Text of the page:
There is always more than one side to any conflict
Conflict is defined as the juxtaposition of two or more opposing views. Contrast must occur, as it is through conflict that we expand our view of the world, and allows us to create our moral character. The schism of ideology is parallel in Arthur Miller’s ‘The Crucible’ epitomizing the dehumanization of man and the notion that “the world is still gripped between two diametrically opposed absolutes.” Conflict is composed of a disagreement in outlook. Be it oppression through a junta, or the human will to fight for truth and righteousness, conflict will remain ever present in our society.
Throughout our social milieu, human beings strive to create peace, regardless of the incapability to do so. However, dominance supersedes the ability to eliminate conflict. It is through autocracy where individuals attempt to oppose the leadership, resulting in a multiple of beliefs and varied ideas, causing conflict. Theocracy was formed in Salem “to prevent any kind of disunity” consequently resulting in rebellion, creating two sides of conflict. Due to the common desire to express free will, antagonism was evident.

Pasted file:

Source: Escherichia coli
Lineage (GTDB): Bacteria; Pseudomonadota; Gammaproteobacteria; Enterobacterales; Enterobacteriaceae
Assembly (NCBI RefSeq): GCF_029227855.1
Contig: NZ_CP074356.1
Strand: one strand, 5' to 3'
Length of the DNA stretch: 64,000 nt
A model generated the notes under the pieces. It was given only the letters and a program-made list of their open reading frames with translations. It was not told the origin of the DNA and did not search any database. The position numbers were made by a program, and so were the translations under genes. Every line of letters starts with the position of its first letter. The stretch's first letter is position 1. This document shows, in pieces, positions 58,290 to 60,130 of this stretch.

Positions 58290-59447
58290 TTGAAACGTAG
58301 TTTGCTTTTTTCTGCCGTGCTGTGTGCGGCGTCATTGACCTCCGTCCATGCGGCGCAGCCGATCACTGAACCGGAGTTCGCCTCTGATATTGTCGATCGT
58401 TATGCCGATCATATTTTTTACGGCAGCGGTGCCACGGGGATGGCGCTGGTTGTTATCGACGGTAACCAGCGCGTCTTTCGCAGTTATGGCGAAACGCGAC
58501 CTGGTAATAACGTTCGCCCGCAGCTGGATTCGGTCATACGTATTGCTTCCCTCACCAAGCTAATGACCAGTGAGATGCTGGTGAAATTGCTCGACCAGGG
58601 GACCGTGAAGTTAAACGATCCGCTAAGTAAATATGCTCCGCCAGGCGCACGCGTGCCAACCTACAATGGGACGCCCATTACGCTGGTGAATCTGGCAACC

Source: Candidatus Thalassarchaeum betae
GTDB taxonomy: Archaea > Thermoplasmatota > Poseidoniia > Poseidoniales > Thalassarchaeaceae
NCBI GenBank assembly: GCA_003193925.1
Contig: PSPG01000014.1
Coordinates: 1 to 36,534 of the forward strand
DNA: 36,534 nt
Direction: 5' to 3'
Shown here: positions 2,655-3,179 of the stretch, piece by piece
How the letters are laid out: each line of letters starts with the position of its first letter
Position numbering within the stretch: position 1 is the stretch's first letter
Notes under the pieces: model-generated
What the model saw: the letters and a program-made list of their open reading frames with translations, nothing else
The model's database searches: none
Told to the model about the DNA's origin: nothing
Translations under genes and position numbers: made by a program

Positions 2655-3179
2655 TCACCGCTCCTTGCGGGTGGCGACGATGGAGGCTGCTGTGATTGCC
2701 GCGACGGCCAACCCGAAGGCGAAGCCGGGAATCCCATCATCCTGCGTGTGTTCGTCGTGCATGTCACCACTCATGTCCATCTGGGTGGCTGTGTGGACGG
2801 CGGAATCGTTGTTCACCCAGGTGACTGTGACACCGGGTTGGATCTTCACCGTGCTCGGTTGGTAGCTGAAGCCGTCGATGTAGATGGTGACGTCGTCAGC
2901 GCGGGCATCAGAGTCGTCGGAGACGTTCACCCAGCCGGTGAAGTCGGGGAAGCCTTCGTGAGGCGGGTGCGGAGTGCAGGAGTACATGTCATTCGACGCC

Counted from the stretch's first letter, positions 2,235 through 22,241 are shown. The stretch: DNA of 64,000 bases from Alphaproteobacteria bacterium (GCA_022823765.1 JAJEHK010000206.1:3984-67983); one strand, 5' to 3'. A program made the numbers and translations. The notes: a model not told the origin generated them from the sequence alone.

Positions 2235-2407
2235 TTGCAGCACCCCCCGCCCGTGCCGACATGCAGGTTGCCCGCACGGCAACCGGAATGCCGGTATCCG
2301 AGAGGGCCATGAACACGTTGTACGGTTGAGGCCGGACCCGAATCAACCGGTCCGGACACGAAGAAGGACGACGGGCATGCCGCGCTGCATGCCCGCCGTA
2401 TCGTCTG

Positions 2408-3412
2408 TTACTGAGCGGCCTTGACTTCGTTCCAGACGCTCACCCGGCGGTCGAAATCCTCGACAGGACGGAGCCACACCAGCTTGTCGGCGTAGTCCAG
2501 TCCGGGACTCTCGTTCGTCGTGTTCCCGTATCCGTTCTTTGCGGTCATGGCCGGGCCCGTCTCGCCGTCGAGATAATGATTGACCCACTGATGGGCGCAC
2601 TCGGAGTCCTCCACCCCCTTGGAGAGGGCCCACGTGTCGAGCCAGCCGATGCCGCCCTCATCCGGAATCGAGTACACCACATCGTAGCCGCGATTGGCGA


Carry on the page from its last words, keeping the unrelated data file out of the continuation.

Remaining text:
The need for “a two man patrol” exemplifies the fact that with an attempt to control, comes mutiny. Likewise, the McCarthy trials in the 1950s, attempted to rebel against the communist ideology, denunciating countless individuals. In an attempt to resolve conflict, the accused were forced to supplant their names at the expense of others. Evidently, it is a common tendency to inflict blame on others, thus rather than eradicating conflict, creating more sides to the problem. Scapegoats are used to formulate excuses, putting others to blame, and replacing themselves in the eye of conflict. This occurs as humans refuse to accept themselves as imperfect, resulting in another to justify for their fault. In doing so, conflict remains, with a multitude of sects always remaining steadfast.
Human tendency to align...
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